What Do HOA Fees Cover? Understanding Homeowner Associations
If you’re moving for the first time into a community with a homeowner association, you must be wondering how much it’ll all cost you. What do HOA fees cover, are they negotiable, and how are they collected? Do you have to pay HOA fees even if you aren’t using the services it offers, and what happens if you don’t pay them? We’ll guide you through all the details, explain HOA rules thoroughly, and provide an insight into how a homeowner association functions.
Understanding a Homeowner Association
Homeowner associations are formed within communities, buildings, or neighborhoods where properties are owned by multiple parties. The aim of these organizations is to create and enforce rules regarding the properties within their jurisdiction regarding the cleanliness and the condition of the properties and their uniform appearance. What else is a homeowners association in charge of? An HOA can also be in charge of minor tasks such as seasonal lighting, snow removal, etc.
HOAs have the legal authority to require residents to abide by the terms of the contract they signed. If the property you bought was previously in an HOA, in most cases, you’ll automatically become a member of it. That’s why getting acquainted with the HOA’s rules should be a part of your due diligence when buying a home. Failing to abide by these rules can lead to penalties such as monetary fines, the restriction of some privileges, or even legal actions.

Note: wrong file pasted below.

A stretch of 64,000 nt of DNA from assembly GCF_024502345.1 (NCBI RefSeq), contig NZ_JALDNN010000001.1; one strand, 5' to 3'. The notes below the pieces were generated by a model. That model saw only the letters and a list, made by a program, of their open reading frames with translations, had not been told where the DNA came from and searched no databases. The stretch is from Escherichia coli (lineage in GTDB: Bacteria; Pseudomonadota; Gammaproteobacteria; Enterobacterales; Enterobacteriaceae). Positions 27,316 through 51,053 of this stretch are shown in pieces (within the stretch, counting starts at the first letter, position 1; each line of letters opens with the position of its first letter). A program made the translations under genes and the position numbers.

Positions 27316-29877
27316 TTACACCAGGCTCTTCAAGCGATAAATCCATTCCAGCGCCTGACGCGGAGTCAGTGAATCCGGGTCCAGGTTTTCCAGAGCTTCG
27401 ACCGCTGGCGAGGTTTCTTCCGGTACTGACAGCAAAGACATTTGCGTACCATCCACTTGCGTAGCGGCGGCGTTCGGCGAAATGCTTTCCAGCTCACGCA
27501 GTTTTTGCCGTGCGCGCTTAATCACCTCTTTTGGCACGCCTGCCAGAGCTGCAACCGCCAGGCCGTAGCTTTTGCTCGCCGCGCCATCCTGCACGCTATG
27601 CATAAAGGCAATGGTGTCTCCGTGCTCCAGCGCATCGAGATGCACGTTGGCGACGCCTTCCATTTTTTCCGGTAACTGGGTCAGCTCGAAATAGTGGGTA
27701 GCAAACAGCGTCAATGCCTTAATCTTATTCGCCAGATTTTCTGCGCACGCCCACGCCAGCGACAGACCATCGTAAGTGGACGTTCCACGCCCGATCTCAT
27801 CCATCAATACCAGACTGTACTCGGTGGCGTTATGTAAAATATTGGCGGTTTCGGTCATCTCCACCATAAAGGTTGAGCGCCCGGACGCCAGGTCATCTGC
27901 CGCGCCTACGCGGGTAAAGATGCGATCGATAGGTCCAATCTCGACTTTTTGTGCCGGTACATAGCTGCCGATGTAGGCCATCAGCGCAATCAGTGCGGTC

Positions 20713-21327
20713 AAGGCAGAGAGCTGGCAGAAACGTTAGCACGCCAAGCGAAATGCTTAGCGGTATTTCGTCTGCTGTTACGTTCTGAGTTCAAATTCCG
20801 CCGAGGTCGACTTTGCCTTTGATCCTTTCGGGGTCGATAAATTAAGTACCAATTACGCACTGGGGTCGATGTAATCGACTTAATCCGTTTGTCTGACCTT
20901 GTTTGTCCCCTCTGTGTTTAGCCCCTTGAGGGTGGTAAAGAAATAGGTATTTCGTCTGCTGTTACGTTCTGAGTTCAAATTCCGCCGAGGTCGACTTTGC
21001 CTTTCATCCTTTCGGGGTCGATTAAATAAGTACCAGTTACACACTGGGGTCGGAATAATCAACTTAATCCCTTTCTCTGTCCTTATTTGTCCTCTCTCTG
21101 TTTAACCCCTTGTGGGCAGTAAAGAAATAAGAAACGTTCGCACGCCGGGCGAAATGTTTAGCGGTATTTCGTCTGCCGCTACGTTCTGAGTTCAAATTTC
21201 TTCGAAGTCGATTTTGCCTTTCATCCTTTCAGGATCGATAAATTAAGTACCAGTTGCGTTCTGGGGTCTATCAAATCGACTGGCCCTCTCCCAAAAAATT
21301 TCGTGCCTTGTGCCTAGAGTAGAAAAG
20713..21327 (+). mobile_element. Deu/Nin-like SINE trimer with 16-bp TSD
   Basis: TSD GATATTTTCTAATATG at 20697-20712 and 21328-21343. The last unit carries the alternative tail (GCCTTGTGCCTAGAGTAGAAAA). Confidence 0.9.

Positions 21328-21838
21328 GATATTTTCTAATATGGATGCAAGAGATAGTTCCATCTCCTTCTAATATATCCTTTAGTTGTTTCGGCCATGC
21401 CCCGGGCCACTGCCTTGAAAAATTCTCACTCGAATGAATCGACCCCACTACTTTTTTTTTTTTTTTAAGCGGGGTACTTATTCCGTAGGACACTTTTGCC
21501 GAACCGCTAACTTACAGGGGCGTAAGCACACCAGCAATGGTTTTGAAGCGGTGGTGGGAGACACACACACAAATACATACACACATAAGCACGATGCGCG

How Much Will It All Cost You?
Let’s shed some light on homeowners association fees. Depending on the neighborhood, the monthly or annual HOA fees members are required to pay usually range from $200 to $400 per month. In luxury neighborhoods, fees can go up to $10,000, while HOAs in less attractive areas can have lower-than-average fees of about $100 per month.
The prices vary depending on the city or area, too. According to a Trulia study from 2015, the lowest were in Warren, Mich ($218 per month) and the highest in New York City ($571). The same study established that older buildings entail a higher average fee due to more extensive maintenance requirements.